Classic cars turn heads on the street, for sure — and now some of their longtime fans are trying to get younger generations interested in collecting them.

  • Today's reader email is from Aidan Coronel of Las Vegas, who noticed something unexpected in his snail mail.
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Today's Smart Brevity count: 1,069 words ... 4 minutes.

1 big thing: Vintage cars are chic again

This 1927 Mercedes-Benz Model K was named Best in Show at the 25th annual Greenwich Concours d’Elegance in October. Photo courtesy of Hagerty.

The pandemic has brought a swell of interest in classic, vintage and exotic cars, particularly among people with spare cash and a desire for COVID-safe driving adventures, Jennifer A. Kingson writes.

Why it matters: While electric vehicles are often viewed as the future, combustion engines will be with us for now — and vintage cars can be a good investment vehicle in an era of low interest rates.

Driving the news: Dealers who specialize in antique and classic cars, from the early days through the 1980s, say they've seen a sales boom that started during last year's lockdown and hasn't abated.

  • "Vintage car culture has exploded during COVID because people had time on their hands, they weren't traveling ... and they had extra money that they weren't spending on other things," Wayne Carini, host of the longtime TV series "Chasing Classic Cars," tells Axios.
  • "Our sales just quadrupled overnight," says Carini, who owns F40 Motorsports in Portland, Connecticut. "It was unbelievable: Where we normally sell seven to eight cars a month, we were selling 10 cars a week."

Some buyers are newbies, snapping up their first vintage BMW, Porsche or Duesenberg, but most are collectors who've used the pandemic to double down on their investments.

  • Online sales and auctions of classic cars "took off" as COVID-19 hit, and "some tent-pole auctions with limited attendance claimed new records," per the New York Times.
  • In October 2020, "Sotheby’s easily sold three ultrarare Alfa Romeos for $14.8 million, with spirited bidding from four countries," the Times reported.
  • There's even a budding business in converting classic cars like Rolls Royces and Aston Martins to electric vehicles, as CNN reports.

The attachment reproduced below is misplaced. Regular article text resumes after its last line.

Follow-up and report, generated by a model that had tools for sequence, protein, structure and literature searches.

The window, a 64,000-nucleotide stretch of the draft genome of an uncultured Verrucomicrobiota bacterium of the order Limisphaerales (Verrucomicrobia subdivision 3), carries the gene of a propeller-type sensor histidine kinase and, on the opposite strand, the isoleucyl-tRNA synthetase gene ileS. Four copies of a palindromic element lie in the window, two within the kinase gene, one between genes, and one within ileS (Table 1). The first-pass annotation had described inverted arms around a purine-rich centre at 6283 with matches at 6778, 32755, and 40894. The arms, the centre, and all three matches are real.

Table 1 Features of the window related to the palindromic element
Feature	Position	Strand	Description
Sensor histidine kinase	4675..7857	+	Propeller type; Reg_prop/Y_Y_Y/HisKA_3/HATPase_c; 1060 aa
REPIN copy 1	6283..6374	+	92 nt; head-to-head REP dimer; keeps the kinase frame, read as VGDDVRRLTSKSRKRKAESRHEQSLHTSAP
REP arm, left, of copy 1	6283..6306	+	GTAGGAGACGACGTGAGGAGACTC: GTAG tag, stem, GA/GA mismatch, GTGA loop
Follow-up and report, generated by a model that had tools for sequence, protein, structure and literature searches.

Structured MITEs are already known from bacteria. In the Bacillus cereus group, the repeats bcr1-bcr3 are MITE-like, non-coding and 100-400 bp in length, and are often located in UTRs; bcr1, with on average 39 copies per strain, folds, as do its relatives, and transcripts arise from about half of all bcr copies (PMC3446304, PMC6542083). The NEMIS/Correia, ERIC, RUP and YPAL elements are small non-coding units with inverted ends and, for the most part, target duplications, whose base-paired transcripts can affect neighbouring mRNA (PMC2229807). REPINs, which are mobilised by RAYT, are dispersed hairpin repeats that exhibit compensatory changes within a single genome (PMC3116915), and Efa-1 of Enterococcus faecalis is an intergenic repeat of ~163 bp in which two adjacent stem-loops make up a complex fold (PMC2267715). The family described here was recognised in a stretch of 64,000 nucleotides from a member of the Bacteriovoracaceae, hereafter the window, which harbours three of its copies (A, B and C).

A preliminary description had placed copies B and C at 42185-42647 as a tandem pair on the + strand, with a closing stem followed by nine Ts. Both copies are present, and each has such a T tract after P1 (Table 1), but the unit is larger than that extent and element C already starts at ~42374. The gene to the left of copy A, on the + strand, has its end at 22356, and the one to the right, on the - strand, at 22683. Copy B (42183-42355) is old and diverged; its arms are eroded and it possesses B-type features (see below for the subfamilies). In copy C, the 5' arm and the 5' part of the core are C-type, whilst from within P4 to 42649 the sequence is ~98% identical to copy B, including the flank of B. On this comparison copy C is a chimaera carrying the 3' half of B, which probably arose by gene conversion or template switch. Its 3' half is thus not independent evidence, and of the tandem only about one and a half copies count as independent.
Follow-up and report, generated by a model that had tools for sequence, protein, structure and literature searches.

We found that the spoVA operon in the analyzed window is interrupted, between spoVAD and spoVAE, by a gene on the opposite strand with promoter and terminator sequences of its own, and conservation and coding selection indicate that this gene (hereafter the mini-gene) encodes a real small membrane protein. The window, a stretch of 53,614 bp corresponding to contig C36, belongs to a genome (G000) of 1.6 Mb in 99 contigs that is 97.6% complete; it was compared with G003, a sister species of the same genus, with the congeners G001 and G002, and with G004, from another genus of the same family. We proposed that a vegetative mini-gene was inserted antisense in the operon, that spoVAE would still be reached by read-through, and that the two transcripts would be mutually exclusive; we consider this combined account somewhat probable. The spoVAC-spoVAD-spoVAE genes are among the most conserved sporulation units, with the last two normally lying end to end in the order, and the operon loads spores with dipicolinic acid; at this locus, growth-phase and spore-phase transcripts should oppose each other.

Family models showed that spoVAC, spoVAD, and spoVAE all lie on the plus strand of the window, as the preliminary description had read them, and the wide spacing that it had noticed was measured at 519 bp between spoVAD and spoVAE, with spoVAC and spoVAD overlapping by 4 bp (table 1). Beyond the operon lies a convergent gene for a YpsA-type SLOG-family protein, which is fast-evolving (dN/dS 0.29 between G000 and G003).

The intrigue: Hagerty, the leading insurer for vintage cars, is trying to save "car culture" and revive the "culture of driving," which includes the American tradition of Sunday afternoon pleasure drives.

  • The company is even trying to get young children interested in cars as it expands into leisure and lifestyle businesses — sponsoring auto shows like the recent Greenwich Concours d'Elegance in Connecticut — and prepares to go public this year.
  • "We're not trying to save the four-hour commute," McKeel Hagerty, CEO of his family's business, tells Axios. "We're trying to save driving — you know, car driving that brings you pleasure and puts a smile on your face."
  • While 90% of Hagerty's business is insurance, it's expanding its other operations. The company trains youngsters to judge autos, teaches adults to drive manual transmissions, and runs a fantasy car rental service called DriveShare.
  • "I have this rule, like, the velvet ropes have to come down," Hagerty says. "You know, there's no car too valuable to let a kid sit in to honk the horn."

Read the full story

2. Your new apartment is someone's old office

Illustration: Brendan Lynch/Axios

Abandoned office buildings all over the U.S. are being converted into apartments, Erica Pandey writes.

By the numbers: In 2020 and 2021, a whopping 13,250 apartments across the country have come from repurposed offices, per a new report from RentCafe.

  • Former office buildings make up 41% of the apartment conversion market, which also includes old hotels, warehouses, factories and even hospitals.